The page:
Trying my hardest to regain my composure before walking to Piper's cube, I experienced the exact reason I am in love with this hospital. Sitting alone in a NICU family room, multiple nurses walk in to be my shoulder. A nurse who has watched Piper during night shift lately, a nurse who watched Piper when she had her gtube, a nurse who was in the room when Piper was born and not supposed to live. The nurse who looked over our baby when her survival was assessed hourly. Surrounded by strong women, I am overwhelmed with love and I just CRIED. These women know our story, know our Piper, know our struggle, and are pulling for a happy ending just as much as we are. To look in the face of a woman who tells me to "come here, momma, and cry" is to feel completely wrapped in God's love and care. These women let me cry, let me be frustrated, and then picked me up. I cannot put into words how grateful I am for the women of Children's Mercy. The love I feel from them in my time of need is all encompassing and I know they are being used to remind me that it will be ok. 

It will be ok. Piper might need some serious support (we're thinking a of couple weeks,) and then we will be back to our bright eyed girl working to get home. We are taking things day to day, trying our best to be patient as this ickyness dissipates, and her numbers improve again. Bright side? Been there - done that - and we know Piper can kick extubation's butt when the time comes!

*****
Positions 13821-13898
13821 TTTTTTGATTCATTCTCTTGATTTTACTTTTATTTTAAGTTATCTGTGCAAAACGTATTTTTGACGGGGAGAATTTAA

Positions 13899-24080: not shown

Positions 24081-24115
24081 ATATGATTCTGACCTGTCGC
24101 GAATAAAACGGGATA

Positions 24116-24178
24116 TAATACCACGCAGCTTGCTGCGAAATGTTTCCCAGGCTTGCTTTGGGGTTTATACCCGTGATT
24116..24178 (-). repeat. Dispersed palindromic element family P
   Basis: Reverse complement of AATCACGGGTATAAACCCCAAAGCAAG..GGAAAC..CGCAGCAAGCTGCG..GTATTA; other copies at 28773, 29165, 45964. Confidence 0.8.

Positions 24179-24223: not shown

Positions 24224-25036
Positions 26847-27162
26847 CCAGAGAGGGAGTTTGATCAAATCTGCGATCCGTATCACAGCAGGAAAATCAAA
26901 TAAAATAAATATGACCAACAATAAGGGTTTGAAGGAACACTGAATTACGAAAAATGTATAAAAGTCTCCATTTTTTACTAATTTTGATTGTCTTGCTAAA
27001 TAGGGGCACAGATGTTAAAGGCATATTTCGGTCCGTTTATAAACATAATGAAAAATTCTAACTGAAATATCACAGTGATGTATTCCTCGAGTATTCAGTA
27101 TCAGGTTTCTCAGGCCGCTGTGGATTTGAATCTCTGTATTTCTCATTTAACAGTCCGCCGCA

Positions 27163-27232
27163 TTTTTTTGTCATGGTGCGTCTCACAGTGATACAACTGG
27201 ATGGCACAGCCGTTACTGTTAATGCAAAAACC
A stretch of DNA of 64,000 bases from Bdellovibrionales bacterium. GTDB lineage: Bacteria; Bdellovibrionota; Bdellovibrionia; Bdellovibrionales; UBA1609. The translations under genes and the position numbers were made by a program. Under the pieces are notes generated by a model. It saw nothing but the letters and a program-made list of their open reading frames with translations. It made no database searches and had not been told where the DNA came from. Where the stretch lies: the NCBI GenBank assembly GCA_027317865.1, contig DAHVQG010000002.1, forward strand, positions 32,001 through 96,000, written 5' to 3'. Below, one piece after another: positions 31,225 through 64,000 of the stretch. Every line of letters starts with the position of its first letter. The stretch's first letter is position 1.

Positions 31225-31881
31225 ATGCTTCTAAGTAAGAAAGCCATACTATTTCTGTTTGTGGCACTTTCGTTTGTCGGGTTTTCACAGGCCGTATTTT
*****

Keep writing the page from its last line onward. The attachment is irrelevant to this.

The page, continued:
Until then, please pray for everyone's well being. I'll make an easy list of specific prayer:
  • Piper's numbers stay same and DO NOT WORSEN
  • That her lung clears up quickly
  • That we stay away from needing ECMO (big deal prayer!)
  • That she extubates and is comfortable soon
  • For mom and dad's weariness and fear
  • For the fabulous women of the hospital to know they're appreciated & loved
  • For patience to flow from us to the staff. No hurrying Piper Grace
  • For no icky flu bugs sneaking into that NICU
At times like this, I am reminded that it is easy to be grateful and faithful when things are on the up n up. When times seem dire and frustrating, I must stop and remember who got us here. Piper is alive when she wasn't supposed to be, and no set back will let me forget that. She is HERE and she will FIGHT and we strive to give God the glory for even the tiniest victory. She is here. She is fighting. Go Piper go!